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Activated and resting regulatory T cell exhaustion concurs with high levels of interleukin-22 expression in systemic sclerosis lesions
  1. Alexis Mathian1,2,3,
  2. Christophe Parizot4,
  3. Karim Dorgham1,3,
  4. Salim Trad2,3,
  5. Laurent Arnaud1,2,3,
  6. Martin Larsen1,3,
  7. Makoto Miyara1,2,3,4,
  8. Miguel Hié2,
  9. Jean-Charles Piette2,3,
  10. Camille Frances3,
  11. Hans Yssel1,
  12. Zahir Amoura1,2,3,
  13. Guy Gorochov1,2,4
  1. 1(INSERM) UMR-S 945, Paris, France
  2. 2AP-HP, Groupement Hospitalier Pitié-Salpêtrière, Department of Internal Medicine 2, Paris, France
  3. 3Université Pierre et Marie Curie, Univ Paris 6, Pole 3m, Paris, France
  4. 4AP-HP, Groupement Hospitalier Pitié-Salpêtrièr, Department of Immunology, Assistance Publique-Hôpitaux de Paris (AP-HP), CHU Pitié-Salpêtrière, Paris, France
  1. Correspondence to Guy Gorochov, Groupement Hospitalier Pitié-Salpêtrière, Department of Immunology, boulevard de l’hôpital, Paris, France, 75013; guy.gorochov{at}psl.aphp.fr

Abstract

Objective Transforming growth factor-β is considered to play a key role in the process of fibrosis in systemic sclerosis (SSc) and in the development of regulatory T cells (Treg) and pro-inflammatory Th17 T cells producing interleukin 17 (IL-17) and IL-22. The authors therefore postulated that SSc could be characterised by a marked Treg/Th17 imbalance. Previous works did not distinguish between the different subsets of Treg and the non-regulatory FoxP3+ cells leading to inconsistent results.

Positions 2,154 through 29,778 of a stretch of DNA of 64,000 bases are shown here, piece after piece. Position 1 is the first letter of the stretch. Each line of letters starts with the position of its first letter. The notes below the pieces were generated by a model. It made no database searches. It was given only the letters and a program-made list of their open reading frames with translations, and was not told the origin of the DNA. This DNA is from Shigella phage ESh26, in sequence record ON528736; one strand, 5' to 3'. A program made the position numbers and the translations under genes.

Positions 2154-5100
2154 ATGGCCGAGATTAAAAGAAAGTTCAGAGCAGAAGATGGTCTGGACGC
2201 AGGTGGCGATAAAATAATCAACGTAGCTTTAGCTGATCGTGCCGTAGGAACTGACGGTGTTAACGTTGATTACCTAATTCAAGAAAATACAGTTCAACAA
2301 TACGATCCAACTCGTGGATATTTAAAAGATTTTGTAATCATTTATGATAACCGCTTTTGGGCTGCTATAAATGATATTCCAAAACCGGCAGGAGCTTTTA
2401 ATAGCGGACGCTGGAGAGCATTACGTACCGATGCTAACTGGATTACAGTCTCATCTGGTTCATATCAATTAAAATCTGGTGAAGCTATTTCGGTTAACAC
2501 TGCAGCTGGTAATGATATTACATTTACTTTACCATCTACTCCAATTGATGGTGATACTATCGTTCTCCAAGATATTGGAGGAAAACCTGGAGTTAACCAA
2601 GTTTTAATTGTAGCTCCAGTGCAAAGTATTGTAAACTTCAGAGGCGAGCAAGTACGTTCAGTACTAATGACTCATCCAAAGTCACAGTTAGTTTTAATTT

Methods Combined phenotypic and functional analysis of Th17 cells and FoxP3+CD4 T cells, discriminating activated Tregs and resting Tregs from non-regulatory FoxP3+ T cells, in blood and skin of SSc patients.

Results In early disease stages, there is a decreased proportion of activated Tregs. A concomitant resting Treg deficit becomes more apparent with disease progression. Active and diffuse forms of the disease are characterised by a relatively higher proportion of all FoxP3+ subsets, including non-regulatory T cells. No peripheral or local IL-17 amplification was observed. However, the authors found significantly increased IL-22 transcription levels in SSc lesional skin, as compared with healthy skin. Cytofluorometry confirmed the existence in SSc patients and controls of a distinct subset of T cells producing IL-22 in the absence of IL-17.

Conclusion SSc pathogenesis does not appear to be linked to IL-17-, but rather to IL-22-producing cells with skin-homing potential and a concomitant quantitative Treg defect. Active and diffuse forms of the disease are associated with a FoxP3 signature. Altogether, our data depict a status of regulatory/pro-inflammatory T cell imbalance in SSc.

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Footnotes

  • AM, CP and KD contributed equally to this work as first authors. ST and LA contributed equally to this work as second authors.

  • Funding This study was supported by Assistance Publique-Hôpitaux de Paris (CIB Pitié-Salpêtrière) and by the Institut National de la Santé et de la Recherche Médicale. M Larsen was supported by the European FP6 ‘ATTACK’ programme (contract: LSHC-CT-2005-018914) and S Trad by the Association pour la Recherche sur le Cancer.

  • Competing interests None.

  • Patient consent Obtained.

  • Ethics approval Approval provided by the local ethics committee of the Pitié-Salpêtrière hospital.

  • Provenance and peer review Not commissioned; externally peer reviewed.

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